I digress.

What I am trying to say is: I opted out of the socializing tonight and came home. I made some food, and read Harry Potter (which I always pick up and read at random when I am relaxing, especially eating). I did the laundry, and watched the fireworks from afar as I hung clothes up to dry. Then I had a hot shower and I was thinking about the new years that I could and couldn't remember.

In 1st year I was alone, depressed, and ill. The flat was quiet as everyone had gone out to Hogmanay celebrations (fireworks) on Prince's street. I heard screams at midnight, and then there was knocking at the front door. I put on my robe and went to answer. A bunch of neighbours were standing outside, and as soon as I opened the door, they all shouted "HAPPY NEW YEAR!!!" - I told them to fuck off and slammed the door in their face. Actually, I probably said happy new year cordially enough while wishing they would go away and let me sleep.

In my 2nd year at uni I spent new year at home in Toronto. There was a dance party on the lakeside. I taught a dance class with a friend, and met some people there that night who are still my friends now. A good time was had - because it was new year, but because I was dancing. I remember doing the count-down and feeling distinctly silly. Why is the revolution of a calendar year worth celebrating? I've always wondered. We don't celebrate the end of weeks, after all. Perhaps because it's the biggest unit which comes round at a reasonable enough pace for us to appreciate?

In my 3rd year I spent new year at home in Taiwan, in Kenting, on the souther tip. The weather was balmy and beautiful. The night before I bought sandals and two summer dresses. The night of, I went to bed early. The morning of the 1st of January was beautiful and bright. I went and had a good swim at the hotel pool (a very luxurious hotel from what I recall), feeling fresh and happy to have made a good healthy start.

In my 4th year I spent new year's eve on Yakushima with Toph, Alex, Laurent, and Mari. We had a big dinner at the station, followed by much alcohol and chat. I seem to remember getting into debates about the nature of anarchy, and about David Hume (I think we later gave a copy of "Sophie's World" to Alex). At midnight, Mari made us noodles, apparently a traditional Japanese way of celebrating. I remember mochi and oranges and new year's decoration everywhere on the island. That night Toph and I had an interesting walk home, where I out ran him for the first (and possibly the last) time. He had a very sore head the next day.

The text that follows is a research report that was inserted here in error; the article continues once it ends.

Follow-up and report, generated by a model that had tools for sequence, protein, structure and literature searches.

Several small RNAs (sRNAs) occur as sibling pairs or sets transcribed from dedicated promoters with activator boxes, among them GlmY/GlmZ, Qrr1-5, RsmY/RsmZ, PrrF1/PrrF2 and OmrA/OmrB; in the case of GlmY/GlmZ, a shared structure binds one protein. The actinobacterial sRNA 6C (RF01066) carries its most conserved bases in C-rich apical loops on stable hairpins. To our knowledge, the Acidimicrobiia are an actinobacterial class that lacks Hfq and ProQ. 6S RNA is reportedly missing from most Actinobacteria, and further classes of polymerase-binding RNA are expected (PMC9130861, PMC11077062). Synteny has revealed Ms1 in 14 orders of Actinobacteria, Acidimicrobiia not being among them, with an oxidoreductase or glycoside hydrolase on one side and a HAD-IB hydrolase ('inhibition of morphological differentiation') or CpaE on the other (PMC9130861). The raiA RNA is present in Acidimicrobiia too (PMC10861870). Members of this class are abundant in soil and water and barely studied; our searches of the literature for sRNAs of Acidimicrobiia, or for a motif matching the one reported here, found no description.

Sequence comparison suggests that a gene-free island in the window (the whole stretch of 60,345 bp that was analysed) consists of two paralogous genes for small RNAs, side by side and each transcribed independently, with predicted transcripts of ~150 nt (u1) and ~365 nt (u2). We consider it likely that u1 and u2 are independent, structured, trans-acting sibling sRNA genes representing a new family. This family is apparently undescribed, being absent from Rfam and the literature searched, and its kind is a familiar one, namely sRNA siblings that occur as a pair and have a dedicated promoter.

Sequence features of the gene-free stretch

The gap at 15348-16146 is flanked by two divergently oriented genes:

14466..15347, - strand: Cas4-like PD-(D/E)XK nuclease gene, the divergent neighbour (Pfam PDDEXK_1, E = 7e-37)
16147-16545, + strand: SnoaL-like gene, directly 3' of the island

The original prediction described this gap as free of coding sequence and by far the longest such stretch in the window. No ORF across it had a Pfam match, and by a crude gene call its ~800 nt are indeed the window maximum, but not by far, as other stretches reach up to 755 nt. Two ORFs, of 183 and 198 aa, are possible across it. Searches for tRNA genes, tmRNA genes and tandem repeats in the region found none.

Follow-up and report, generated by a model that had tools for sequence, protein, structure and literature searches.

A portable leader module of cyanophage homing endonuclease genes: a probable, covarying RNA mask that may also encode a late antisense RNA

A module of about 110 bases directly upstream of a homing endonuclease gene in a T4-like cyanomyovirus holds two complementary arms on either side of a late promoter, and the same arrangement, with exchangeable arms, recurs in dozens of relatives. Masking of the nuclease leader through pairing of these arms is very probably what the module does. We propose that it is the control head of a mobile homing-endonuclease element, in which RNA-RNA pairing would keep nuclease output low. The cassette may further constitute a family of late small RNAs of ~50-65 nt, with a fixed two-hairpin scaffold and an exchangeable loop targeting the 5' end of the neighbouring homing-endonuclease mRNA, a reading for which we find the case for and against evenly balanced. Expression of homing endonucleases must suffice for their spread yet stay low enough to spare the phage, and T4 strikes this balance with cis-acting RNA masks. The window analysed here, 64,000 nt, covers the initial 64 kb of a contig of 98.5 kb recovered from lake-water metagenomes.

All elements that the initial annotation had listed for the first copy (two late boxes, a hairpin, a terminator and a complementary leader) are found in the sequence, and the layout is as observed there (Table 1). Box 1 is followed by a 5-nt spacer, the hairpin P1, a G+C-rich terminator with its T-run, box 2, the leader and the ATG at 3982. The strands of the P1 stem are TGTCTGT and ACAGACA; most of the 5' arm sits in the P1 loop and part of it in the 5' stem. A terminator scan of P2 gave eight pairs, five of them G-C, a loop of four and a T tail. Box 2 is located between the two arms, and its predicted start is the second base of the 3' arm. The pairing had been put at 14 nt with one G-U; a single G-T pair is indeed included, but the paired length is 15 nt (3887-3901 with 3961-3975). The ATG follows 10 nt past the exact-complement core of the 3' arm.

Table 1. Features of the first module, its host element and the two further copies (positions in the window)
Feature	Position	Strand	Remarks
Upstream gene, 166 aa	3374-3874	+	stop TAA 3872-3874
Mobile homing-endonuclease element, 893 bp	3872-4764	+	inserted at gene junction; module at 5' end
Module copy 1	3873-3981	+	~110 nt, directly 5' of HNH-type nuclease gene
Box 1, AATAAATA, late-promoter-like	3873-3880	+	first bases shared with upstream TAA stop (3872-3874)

And exactly a year later, I'm writing this blog in Taipei.

Newspapers often do "The Year In Review" to recapitulate all the goings on of the last 365 days.

This year I...
Showed Topher Taiwan for the first time, and decided to come back here.
Slaved away on my dissertation for many hours at the library, to the point of misreading the title of a book "Death, Dissertation, and the Destitute" (actually "Death, Dissection, and the Destitute")
Got a radio from Toph for my birthday, and began my radio life as a devout listener of BBC.
Celebrated the anniversary of our relationship.
Went off caffeine.
Saw my favourite vintage clothing shop (and the place I worked for years) retire.
Met someone at a party who said that he likes Elizabethan folk songs - and became instant friends.
Visited an organic farm and rode their tractor.
Trucked half way around the world to be with the person I love (though that's nothing new).
Went to an outdoor music festival and heartily detested almost every moment of it.
Graduated from university.
Brought my folks to meet his folks (!!!!).
Performed a strip tease for a cabaret night.
Went to Herrang and found most of it awful.
Travelled from Edinburgh to Sweden, Hungary, Romania, and Turkey, where I smoked for the first time since I was 6, and played backgammon.
Volunteered at the emergency room of a hospital.
Got my first full time job.
Started a swing scene in Taipei.
Started to do yoga.
Went to my first political demonstration.

It did occur to me that if I didn't go see the Taipei 101 fireworks show, I might regret it. But thinking back, I lived in Edinburgh for 4 years never having gone to see the Hogmanay fireworks, and lived a whole year within spitting distance from the castle without ever having gone in - never feeling like I had missed out on much. On the happy thought, goodnight, and happy new year.